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Egypt urges 'two state solution' to Israeli-Palestinian conflict

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Egypt urges 'two state solution' to Israeli-Palestinian conflict


Egypt’s foreign minister has urged Israel to consider a two state solution to the Israeli -Palestinian conflict. On his first visit to Jerusalem Sameh Shoukry offered Cairo’s help in reviving peace talks.

In a press conference he called for confidence-building measures that could lead to renewed peace negotiations that collapsed in 2014.

Sameh Shoukry’s visit for talks with Israeli Prime Minister Benjamin Netanyahu was the first made by an Egyptian foreign minister in nine years.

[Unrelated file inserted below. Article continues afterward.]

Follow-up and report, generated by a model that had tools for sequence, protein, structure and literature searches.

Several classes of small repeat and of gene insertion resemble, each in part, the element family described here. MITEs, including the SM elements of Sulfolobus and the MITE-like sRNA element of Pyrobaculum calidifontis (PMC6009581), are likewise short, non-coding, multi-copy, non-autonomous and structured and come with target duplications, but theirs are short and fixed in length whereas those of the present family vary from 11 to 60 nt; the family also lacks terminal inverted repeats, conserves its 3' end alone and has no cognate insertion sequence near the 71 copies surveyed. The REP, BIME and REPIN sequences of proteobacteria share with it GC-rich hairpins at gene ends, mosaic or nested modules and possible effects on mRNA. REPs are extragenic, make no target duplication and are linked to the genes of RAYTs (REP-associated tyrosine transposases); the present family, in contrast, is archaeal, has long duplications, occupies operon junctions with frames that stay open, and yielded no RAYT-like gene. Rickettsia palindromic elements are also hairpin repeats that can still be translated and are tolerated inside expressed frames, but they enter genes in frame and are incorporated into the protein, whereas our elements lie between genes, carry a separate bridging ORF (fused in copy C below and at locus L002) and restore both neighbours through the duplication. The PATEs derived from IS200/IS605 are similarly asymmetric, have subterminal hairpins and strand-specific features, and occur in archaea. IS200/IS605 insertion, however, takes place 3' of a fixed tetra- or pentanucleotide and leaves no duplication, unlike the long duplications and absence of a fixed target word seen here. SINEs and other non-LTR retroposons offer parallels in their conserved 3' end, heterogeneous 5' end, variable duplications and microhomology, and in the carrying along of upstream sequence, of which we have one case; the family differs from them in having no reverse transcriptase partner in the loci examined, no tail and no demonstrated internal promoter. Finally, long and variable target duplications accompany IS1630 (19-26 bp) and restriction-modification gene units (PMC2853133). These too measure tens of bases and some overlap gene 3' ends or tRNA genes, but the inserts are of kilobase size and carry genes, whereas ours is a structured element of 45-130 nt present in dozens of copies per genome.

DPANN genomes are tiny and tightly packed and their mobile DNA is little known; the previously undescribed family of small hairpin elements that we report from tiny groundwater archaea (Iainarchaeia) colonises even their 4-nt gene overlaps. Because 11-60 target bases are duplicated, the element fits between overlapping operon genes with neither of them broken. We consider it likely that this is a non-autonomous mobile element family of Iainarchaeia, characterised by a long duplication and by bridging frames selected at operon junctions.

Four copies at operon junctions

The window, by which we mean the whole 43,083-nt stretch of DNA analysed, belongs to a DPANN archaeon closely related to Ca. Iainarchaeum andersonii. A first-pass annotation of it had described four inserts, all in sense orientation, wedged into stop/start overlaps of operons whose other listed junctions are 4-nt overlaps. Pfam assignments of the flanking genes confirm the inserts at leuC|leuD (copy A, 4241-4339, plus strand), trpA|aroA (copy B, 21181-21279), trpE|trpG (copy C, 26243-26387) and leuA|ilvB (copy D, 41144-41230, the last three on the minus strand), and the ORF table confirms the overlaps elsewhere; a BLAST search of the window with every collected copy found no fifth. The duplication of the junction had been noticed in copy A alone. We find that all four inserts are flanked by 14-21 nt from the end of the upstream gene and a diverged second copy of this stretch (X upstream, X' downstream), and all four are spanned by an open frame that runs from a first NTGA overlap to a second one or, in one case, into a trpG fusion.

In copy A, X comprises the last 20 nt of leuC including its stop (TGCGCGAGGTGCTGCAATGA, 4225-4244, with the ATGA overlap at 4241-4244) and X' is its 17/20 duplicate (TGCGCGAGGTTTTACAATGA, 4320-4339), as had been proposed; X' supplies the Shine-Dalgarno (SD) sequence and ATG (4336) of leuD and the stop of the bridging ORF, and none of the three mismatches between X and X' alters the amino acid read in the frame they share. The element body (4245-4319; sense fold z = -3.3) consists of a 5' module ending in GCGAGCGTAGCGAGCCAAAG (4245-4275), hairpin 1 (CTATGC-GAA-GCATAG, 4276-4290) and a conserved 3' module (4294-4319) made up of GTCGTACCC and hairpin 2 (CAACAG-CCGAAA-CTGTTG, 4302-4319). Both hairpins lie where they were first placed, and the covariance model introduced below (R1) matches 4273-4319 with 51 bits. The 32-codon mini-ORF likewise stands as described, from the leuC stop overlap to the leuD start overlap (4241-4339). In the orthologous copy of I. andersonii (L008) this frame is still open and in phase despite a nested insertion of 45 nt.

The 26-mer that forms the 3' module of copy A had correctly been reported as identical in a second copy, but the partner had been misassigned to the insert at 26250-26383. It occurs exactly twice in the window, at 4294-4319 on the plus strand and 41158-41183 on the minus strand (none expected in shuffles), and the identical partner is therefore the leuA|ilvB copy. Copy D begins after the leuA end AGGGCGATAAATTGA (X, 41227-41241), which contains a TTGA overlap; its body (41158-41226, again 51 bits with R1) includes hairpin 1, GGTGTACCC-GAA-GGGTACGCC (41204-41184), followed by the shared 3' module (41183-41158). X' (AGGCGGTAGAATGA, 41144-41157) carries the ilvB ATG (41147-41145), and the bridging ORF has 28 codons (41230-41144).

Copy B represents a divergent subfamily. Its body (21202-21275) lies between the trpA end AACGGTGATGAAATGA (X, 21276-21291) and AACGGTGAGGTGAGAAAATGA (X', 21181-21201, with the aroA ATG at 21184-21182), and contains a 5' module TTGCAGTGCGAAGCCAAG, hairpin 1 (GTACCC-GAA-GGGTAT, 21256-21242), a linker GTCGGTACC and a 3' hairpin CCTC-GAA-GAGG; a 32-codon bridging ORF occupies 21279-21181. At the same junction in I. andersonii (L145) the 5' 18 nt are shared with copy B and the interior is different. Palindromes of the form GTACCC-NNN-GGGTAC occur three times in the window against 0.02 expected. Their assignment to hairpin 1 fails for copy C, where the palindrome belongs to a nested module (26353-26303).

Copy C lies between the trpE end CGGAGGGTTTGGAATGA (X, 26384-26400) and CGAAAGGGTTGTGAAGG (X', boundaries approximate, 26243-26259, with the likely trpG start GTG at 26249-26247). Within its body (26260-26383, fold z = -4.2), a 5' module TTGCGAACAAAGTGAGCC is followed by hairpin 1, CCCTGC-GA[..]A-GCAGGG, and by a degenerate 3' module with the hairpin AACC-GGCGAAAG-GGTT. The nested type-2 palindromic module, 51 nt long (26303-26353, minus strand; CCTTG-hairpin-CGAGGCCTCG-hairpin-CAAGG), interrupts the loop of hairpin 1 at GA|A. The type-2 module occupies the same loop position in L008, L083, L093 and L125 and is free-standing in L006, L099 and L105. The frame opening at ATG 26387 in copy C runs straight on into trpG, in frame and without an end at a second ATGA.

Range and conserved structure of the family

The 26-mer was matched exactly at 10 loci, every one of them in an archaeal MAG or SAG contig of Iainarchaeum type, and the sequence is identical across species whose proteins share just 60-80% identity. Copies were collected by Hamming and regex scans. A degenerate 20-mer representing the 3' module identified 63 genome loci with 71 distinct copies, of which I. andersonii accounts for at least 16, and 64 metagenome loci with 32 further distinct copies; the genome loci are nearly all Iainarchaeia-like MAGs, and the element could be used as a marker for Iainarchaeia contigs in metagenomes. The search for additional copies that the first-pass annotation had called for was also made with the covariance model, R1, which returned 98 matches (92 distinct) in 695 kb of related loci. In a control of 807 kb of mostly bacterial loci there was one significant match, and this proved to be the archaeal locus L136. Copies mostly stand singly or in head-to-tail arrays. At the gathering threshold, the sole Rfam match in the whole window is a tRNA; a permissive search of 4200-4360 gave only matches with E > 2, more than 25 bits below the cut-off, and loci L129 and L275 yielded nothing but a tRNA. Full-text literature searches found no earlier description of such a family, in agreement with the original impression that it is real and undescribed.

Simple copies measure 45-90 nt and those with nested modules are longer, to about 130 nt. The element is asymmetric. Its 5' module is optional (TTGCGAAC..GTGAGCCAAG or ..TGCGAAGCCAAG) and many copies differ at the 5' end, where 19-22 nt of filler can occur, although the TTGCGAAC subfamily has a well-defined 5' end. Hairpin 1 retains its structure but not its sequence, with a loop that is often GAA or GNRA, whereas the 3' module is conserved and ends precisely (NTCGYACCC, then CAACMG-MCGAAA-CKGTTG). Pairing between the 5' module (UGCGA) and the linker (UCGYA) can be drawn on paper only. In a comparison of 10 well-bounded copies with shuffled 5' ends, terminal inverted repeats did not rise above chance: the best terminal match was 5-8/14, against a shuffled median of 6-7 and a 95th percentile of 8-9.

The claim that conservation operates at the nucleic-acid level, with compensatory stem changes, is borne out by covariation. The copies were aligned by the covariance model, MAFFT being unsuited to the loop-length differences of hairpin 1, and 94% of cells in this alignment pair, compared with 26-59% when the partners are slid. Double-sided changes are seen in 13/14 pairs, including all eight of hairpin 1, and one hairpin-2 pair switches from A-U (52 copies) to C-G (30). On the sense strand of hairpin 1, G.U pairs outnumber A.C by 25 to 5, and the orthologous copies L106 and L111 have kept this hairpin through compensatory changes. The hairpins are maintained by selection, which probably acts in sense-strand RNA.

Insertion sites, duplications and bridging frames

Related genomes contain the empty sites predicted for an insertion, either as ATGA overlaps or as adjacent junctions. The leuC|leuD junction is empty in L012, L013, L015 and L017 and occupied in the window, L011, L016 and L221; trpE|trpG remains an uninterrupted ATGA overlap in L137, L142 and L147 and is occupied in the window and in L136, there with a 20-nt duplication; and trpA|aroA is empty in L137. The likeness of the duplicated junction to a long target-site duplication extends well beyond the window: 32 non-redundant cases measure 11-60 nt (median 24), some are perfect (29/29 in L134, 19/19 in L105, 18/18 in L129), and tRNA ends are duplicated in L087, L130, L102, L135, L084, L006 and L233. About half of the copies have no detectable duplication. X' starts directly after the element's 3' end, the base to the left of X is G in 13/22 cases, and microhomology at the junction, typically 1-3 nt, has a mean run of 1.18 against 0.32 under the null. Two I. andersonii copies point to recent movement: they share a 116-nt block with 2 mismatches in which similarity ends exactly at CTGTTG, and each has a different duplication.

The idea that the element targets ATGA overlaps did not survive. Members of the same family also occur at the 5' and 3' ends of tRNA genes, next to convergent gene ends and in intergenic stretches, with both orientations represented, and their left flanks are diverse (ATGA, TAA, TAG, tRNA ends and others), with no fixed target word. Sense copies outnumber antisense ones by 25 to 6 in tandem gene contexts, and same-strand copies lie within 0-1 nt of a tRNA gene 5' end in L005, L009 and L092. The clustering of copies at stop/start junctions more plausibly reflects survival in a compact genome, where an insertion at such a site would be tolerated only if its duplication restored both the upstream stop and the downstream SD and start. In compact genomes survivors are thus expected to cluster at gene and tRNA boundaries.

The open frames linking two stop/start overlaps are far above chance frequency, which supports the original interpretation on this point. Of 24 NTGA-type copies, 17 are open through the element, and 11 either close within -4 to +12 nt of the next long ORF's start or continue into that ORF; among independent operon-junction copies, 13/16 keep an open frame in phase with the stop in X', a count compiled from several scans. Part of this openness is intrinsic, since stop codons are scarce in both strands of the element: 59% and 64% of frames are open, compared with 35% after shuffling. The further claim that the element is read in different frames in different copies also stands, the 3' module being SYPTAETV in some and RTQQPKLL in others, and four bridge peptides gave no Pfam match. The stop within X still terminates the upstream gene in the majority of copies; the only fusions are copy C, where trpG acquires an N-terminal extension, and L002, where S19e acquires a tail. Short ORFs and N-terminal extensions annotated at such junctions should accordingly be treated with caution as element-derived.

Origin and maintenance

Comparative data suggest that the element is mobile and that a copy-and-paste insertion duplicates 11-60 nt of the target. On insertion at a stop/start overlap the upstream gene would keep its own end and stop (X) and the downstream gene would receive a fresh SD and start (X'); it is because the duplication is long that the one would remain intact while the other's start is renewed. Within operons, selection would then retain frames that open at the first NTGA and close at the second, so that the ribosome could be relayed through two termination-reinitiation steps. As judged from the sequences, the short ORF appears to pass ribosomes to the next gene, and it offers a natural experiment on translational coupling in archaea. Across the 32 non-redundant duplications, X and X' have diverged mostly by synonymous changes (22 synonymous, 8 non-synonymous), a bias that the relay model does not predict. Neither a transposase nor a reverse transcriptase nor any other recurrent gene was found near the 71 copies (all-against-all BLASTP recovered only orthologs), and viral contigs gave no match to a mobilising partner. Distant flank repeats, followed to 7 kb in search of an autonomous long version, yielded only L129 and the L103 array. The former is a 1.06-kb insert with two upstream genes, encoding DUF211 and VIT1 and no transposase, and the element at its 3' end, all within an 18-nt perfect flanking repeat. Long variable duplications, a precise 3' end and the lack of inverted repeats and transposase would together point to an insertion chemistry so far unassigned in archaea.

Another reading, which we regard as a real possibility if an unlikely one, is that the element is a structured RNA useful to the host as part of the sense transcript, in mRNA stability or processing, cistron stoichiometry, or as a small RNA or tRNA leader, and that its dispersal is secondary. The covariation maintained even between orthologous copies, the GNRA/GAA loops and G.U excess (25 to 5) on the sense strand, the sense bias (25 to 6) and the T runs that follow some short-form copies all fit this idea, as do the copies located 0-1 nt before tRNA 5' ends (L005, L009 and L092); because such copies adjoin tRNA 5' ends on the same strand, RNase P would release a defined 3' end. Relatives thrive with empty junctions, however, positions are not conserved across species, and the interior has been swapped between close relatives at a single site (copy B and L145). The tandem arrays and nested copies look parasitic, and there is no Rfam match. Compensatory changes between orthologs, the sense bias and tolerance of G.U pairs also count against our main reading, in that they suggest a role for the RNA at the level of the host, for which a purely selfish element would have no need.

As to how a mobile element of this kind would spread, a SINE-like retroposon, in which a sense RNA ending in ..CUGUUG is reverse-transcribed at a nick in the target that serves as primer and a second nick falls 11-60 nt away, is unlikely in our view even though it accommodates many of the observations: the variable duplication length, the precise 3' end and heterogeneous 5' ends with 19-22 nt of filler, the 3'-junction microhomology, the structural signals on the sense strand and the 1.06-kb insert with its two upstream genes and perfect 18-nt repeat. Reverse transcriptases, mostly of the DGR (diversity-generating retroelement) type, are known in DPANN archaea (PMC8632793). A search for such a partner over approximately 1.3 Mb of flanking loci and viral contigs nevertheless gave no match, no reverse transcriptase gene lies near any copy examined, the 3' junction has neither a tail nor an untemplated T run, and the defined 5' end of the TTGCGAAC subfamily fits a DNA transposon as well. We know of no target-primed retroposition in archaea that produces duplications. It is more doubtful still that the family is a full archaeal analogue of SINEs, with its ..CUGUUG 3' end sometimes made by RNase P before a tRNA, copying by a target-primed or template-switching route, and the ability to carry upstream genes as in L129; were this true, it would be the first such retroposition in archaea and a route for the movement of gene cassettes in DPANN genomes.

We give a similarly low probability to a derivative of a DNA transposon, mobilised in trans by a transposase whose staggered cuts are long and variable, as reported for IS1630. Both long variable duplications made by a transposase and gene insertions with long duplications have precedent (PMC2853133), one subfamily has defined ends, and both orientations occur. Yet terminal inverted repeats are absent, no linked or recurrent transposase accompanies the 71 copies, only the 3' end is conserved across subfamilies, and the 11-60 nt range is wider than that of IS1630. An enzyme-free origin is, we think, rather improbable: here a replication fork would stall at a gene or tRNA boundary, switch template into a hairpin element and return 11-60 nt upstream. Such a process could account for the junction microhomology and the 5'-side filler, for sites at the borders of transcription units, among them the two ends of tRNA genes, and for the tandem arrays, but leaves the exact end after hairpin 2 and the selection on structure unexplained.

In May Egyptian President Abdel Fattah al-Sisi urged both sides to seize the opportunity to make a historic peace, offering Israel the prospect of warmer ties if this were achieved.

Sisi offered the 2002 Arab peace initiative as a potential way ahead. The initiative offered full recognition of Israel but only if it gave up all land seized in the 1967 Middle East war and agreed to a “just solution” for Palestinian refugees.

Netanyahu has said he would be willing to discuss the Arab peace plan but that changes would have to be made.

Shoukry’s visit comes as France leads a renewed push to put peace efforts back on the agenda with an international peace conference held on June 3. The French initiative seeks to bring the two sides back to the table by year-end and was welcomed by the Palestinians.

But Israeli officials have said only direct talks can end the decades-old conflict.

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